Research

 

You will find a complete range of our monographs, muti-authored and edited works including peer-reviewed, original scholarly research across the social sciences and aligned disciplines. We publish long and short form research and you can browse the complete Bristol University Press and Policy Press archive of over 1400 titles.

Policy Press also publishes policy reviews and polemic work which aim to challenge policy and practice in certain fields. These books have a practitioner in mind and are practical, accessible in style, as well as being academically sound and referenced.
 

Books: Research

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Author: James Gregory

The growing demand for social housing is one of the most pressing public issues in Britain today, and this book analyses its role and value.

Anchored in a discussion of different approaches to the meaning and measurement of wellbeing, the author explores how these perspectives influence our views of the meaning, value and purpose of social housing in today’s welfare state. The closing arguments of the book suggest a more universalist approach to social housing, designed to meet the common needs of a wide range of households, with diverse socioeconomic characteristics, but all sharing the same equality of social status.

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Securing Home in Vertical Cities

ePDF and ePUB available Open Access under CC-BY-NC-ND licence.

Condominium and comparable legal architectures make vertical urban growth possible, but do we really understand the social implications of restructuring city land ownership in this way?

In this book geographer and architect Nethercote enters the condo tower to explore the hidden social and territorial dynamics of private vertical communities. Informed by residents’ accounts of Australian high-rise living, this book shows how legal and physical architectures fuse in ways that jeopardise residents’ experience of home and stigmatise renters.

As cities sprawl skywards and private renting expands, this compelling geographic analysis of property identifies high-rise development’s overlooked hand in social segregation and urban fragmentation, and raises bold questions about the condominium’s prospects.

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Rethinking Collaboration in the Age of Austerity

This book presents the findings of a major Economic and Social Research Council (ESRC) project into urban austerity governance in eight cities across the world (Athens, Baltimore, Barcelona, Melbourne, Dublin, Leicester, Montréal and Nantes). It offers comparative reflections on the myriad experiences of collaborative governance and its limitations.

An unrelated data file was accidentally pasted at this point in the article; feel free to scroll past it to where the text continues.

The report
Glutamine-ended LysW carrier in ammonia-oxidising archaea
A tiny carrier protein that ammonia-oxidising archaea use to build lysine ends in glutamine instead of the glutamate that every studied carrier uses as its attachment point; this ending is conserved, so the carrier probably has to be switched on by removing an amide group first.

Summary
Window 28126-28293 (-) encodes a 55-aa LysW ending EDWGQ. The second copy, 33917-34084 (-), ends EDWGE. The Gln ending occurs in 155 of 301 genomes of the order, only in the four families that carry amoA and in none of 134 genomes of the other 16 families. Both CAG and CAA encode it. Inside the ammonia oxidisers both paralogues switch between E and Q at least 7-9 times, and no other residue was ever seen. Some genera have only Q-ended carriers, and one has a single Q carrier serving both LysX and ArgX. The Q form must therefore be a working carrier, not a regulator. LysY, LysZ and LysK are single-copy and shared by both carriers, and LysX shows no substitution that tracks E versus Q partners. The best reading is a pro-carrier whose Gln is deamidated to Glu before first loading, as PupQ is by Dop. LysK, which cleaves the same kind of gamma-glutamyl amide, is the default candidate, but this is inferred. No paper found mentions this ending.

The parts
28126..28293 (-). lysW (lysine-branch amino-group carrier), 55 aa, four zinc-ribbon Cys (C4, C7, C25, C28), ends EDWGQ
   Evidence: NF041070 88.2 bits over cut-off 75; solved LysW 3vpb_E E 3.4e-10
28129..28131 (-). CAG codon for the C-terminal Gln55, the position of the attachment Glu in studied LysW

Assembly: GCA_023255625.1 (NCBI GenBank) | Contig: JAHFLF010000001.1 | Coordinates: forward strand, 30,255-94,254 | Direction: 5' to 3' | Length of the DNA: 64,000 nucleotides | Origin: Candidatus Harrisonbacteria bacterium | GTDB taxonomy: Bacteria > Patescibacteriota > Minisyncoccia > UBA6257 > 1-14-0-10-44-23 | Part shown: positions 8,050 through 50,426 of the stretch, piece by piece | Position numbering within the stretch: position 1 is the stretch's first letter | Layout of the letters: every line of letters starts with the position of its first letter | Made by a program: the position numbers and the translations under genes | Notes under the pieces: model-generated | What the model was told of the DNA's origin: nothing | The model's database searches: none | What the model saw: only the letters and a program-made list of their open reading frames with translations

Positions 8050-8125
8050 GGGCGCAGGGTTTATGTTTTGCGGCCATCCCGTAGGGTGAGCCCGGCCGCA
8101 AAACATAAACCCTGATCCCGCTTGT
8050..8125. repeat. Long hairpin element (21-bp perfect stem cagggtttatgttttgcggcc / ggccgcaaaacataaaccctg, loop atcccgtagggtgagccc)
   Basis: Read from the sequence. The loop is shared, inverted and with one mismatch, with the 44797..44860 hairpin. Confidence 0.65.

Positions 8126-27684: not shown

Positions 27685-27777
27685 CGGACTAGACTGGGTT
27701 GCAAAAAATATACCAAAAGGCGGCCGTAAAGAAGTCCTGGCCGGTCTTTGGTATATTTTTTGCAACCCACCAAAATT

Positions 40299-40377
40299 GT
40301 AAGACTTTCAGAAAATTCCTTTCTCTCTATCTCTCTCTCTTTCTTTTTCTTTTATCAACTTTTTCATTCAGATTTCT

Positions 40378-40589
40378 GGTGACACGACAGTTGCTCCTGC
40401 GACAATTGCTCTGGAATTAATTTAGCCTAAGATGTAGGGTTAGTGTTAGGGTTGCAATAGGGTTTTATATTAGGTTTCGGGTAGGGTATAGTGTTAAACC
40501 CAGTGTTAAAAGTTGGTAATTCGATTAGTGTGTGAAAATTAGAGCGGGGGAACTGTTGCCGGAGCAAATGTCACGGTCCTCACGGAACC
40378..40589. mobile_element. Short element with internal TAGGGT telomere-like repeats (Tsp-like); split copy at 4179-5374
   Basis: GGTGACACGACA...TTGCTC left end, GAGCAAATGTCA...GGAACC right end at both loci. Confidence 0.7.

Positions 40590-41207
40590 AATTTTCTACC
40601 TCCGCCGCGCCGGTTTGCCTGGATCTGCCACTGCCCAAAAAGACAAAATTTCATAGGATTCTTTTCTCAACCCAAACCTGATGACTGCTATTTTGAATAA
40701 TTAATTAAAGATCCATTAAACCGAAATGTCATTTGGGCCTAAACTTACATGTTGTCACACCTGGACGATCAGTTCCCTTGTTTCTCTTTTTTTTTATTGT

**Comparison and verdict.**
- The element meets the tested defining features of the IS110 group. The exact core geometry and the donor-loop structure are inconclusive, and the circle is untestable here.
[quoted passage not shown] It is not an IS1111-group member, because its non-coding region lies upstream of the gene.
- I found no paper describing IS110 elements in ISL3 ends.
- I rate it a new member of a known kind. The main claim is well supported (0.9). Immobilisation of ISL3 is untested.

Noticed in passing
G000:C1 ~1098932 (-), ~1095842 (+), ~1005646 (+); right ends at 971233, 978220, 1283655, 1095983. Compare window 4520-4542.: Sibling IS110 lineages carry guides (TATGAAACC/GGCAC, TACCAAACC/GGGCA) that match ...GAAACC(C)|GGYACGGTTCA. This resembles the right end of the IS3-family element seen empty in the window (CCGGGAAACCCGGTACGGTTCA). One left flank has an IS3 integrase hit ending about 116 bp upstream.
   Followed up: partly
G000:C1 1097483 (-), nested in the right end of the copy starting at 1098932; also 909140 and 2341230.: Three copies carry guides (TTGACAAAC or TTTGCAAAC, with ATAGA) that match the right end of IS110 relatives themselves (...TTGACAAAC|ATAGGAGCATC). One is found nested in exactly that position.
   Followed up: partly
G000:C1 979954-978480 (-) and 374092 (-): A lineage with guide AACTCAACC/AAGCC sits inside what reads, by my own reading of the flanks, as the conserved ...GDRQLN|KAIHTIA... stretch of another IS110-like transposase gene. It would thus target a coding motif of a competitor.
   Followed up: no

An international collaborative from across the social sciences, the book discusses ways that citizens, activists and local states collaborate and come into conflict in attempting to build just cities. It examines the development of egalitarian collaborative governance strategies, provides innovative ideas and tools to extend emancipatory governance practices and shows hopeful possibilities for cities beyond austerity and neoliberalism.

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A Practitioner Guide to the Urban Governance of the Night-Time Economy

This accessible guide provides a stimulating analysis of the governance of the night-time economy in cities for practitioners and newcomers alike.

Drawing on a wide range of case studies of after dark activity in cities around the world, it reviews labour, environmental services, healthcare, the role of leaders including night mayors, managers and commissioners, and the influence of both public and private sectors.

Offering invaluable insights for the future of night-time governance during the COVID-19 pandemic and beyond, this book deepens our understanding of the benefits, challenges and impacts of a neglected aspect of the economy.

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Why We Need to Build Differently
Author: Rob Imrie

This accessible critique of urban construction reimagines city development and life in an era of unprecedented building.

Exploring the proliferation of building and construction, Imrie sets out its many degrading impacts on both people and the environment. Using examples from around the world, he illustrates how construction is motivated by economic and political ideologies rather than actual need, and calls for a more sensitive, humane and nature-focused culture of construction.